Since a political crisis broke out in Burundi in 2015, community service has almost collapsed. In 2018, the government ordered the foreign aid organizations to leave the country. The following year, the World Bank stated that Burundi was one of the world’s three poorest countries, with three out of four residents living in poverty. The UN estimates that 15 percent of the population is in need of humanitarian aid.
The vast majority of Burundians depend on the family and the village for their security and livelihood. The social welfare system that still exists is only for the small part of the population who have a formal employment. Many children have to work to contribute to the family’s livelihood, usually in agriculture or informal jobs such as urban sales.
- Countryaah Official Site: Official statistics for population in Burundi, including population growth, density, and estimation in next 50 years.
The civil war in the 1990s (see Modern history) led to drastically deteriorating living conditions for many Burundians. A rapid population increase, combined with the relocation of refugees after the war, has led to a severe shortage of arable land and as a result many land conflicts.
The war went hard for health care. Often, the care facilities were deliberately shot by the Huturebel. There are still too few doctors, and those who work mainly work in Bujumbura. A number of serious illnesses are common, such as malaria, AIDS and tuberculosis. Malnutrition, lack of clean water and poor hygiene conditions are some of the causes of the spread of disease.
Maternal and child mortality is high. Six out of 100 children die before they reach the age of five. Half of all children are born in the home without access to midwives. Since 2006, children under five years and new mothers are entitled to free medical care, financed with foreign aid.
The situation is difficult for LGBTQ people. A law from 2009 makes sexual intercourse between people of the same sex criminal and punishable by imprisonment for up to two years.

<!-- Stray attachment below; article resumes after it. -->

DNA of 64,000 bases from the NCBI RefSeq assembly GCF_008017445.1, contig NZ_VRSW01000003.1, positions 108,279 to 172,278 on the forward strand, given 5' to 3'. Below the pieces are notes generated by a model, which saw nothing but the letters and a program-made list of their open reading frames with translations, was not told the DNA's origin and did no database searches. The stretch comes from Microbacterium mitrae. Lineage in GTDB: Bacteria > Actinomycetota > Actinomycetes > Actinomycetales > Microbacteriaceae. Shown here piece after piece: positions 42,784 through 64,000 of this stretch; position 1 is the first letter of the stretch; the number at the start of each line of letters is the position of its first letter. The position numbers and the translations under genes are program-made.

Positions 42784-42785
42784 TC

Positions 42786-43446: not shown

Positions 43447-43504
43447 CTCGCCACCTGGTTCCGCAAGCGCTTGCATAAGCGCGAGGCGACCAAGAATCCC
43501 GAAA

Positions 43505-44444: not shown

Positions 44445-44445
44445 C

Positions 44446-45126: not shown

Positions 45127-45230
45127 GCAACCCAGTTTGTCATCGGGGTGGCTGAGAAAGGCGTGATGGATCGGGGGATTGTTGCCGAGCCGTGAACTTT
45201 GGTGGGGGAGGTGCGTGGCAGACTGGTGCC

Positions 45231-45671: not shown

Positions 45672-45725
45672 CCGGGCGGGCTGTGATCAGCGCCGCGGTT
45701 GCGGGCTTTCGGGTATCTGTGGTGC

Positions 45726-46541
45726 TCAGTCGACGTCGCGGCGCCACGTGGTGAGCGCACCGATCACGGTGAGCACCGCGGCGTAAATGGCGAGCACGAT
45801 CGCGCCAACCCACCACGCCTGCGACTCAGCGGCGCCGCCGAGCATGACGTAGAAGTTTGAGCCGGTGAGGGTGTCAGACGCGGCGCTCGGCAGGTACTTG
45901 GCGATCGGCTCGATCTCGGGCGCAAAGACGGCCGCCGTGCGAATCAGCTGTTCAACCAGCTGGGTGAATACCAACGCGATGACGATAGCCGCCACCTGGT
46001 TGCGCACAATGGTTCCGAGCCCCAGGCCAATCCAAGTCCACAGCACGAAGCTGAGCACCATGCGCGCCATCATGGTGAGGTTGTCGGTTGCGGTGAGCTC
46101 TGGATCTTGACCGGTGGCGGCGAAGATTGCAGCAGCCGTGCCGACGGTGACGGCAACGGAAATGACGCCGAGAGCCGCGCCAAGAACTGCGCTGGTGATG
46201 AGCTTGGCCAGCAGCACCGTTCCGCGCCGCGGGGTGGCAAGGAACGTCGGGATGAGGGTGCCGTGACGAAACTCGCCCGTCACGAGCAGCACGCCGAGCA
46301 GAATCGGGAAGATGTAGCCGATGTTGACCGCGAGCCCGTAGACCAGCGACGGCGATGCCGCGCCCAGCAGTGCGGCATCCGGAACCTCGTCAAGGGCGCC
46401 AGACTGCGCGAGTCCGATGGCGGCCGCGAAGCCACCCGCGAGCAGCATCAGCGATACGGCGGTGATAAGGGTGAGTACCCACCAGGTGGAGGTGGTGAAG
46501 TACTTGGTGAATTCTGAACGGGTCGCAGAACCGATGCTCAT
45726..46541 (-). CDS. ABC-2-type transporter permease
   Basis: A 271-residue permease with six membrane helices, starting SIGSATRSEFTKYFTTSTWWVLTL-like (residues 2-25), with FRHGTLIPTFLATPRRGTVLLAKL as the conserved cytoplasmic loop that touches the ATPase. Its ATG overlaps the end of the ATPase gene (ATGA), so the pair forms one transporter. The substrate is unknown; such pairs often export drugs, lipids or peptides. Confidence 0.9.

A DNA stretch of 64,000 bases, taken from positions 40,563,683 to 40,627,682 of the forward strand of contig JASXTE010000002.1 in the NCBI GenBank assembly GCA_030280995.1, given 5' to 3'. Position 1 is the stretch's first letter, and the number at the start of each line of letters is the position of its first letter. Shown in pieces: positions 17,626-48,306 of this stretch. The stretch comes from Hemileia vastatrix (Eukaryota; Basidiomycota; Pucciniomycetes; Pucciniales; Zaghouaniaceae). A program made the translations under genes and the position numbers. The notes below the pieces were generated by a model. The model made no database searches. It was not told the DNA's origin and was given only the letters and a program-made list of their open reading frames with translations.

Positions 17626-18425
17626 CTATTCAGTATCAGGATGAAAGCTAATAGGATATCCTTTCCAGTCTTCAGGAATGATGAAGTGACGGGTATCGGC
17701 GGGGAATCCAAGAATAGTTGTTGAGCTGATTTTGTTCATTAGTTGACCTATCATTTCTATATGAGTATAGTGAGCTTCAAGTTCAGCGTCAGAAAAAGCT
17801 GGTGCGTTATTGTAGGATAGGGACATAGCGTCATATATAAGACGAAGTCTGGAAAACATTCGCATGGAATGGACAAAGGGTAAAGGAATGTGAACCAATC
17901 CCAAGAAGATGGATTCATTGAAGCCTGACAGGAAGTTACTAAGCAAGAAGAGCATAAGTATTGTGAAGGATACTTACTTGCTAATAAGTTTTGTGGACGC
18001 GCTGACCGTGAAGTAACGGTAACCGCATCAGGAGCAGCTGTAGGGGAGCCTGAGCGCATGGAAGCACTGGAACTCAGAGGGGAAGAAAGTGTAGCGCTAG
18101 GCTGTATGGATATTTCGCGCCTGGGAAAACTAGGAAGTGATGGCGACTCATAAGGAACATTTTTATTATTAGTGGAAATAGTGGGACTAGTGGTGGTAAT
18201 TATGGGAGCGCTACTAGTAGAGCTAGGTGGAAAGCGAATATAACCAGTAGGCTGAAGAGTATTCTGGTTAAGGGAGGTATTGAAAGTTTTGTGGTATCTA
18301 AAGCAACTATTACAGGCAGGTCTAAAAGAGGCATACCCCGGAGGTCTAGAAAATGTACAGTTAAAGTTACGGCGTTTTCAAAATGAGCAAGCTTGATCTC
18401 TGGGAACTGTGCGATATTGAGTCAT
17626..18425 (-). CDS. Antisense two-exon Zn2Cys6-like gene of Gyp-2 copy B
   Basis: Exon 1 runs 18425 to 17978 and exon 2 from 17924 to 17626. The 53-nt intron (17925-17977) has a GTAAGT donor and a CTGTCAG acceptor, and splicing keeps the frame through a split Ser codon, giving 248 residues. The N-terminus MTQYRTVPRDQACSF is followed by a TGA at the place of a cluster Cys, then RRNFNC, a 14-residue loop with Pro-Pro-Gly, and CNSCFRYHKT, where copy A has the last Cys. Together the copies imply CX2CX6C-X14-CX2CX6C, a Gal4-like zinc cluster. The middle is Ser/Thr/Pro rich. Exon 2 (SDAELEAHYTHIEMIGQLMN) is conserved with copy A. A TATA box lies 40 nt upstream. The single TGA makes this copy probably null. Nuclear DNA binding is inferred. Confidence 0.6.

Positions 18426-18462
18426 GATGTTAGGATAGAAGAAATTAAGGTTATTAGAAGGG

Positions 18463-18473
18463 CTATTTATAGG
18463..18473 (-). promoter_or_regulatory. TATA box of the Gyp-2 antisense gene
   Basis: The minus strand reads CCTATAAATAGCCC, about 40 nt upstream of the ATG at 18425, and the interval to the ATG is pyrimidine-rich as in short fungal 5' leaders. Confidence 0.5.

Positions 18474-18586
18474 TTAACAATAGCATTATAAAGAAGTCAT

- AbbreviationFinder Website: Provides commonly used acronyms, history, politics and geography of country Burundi.
FACTS – SOCIAL CONDITIONS
Infant Mortality: 41 per 1000 births (2018)
Percentage of HIV infected: 1.0 percent (2018)
Proportion of HIV infected among young women
0.6 percent (2018)
Proportion of HIV infected among young men: 0.5 percent (2018)
Proportion of population with access to clean water: 55.9 percent (2015)
Proportion of the population having access to toilets: 45.8 percent (2017)
Public expenditure on health care as a percentage of GDP: 8.2 percent (2015)
Public expenditure on health care per person: $ 18 (2016)
Proportion of women in parliament: 36 percent (2018)
Lifetime convictions for attack on city
Fourteen people are sentenced to life imprisonment for participating in an armed attack on a city in eastern Burundi in 2011.
Journalist is convicted of terrorist offenses
A radio journalist is convicted of terrorist crimes for visiting Tanzania to review information that a new rebel group was formed there. According to the opposition, the verdict against the journalist is another sign that the government wants to strangle the free media.
HRW: “Political violence escalates rapidly”
Human Rights Watch (HRW) raises alarm that political violence is escalating rapidly. According to the human rights organization, a political assassination was committed almost every week in 2011. Above all, the violence seems to affect members of the opposition party FNL. The government usually blames the murder of criminal leagues. HRW may not hold a press conference on the report in Burundi.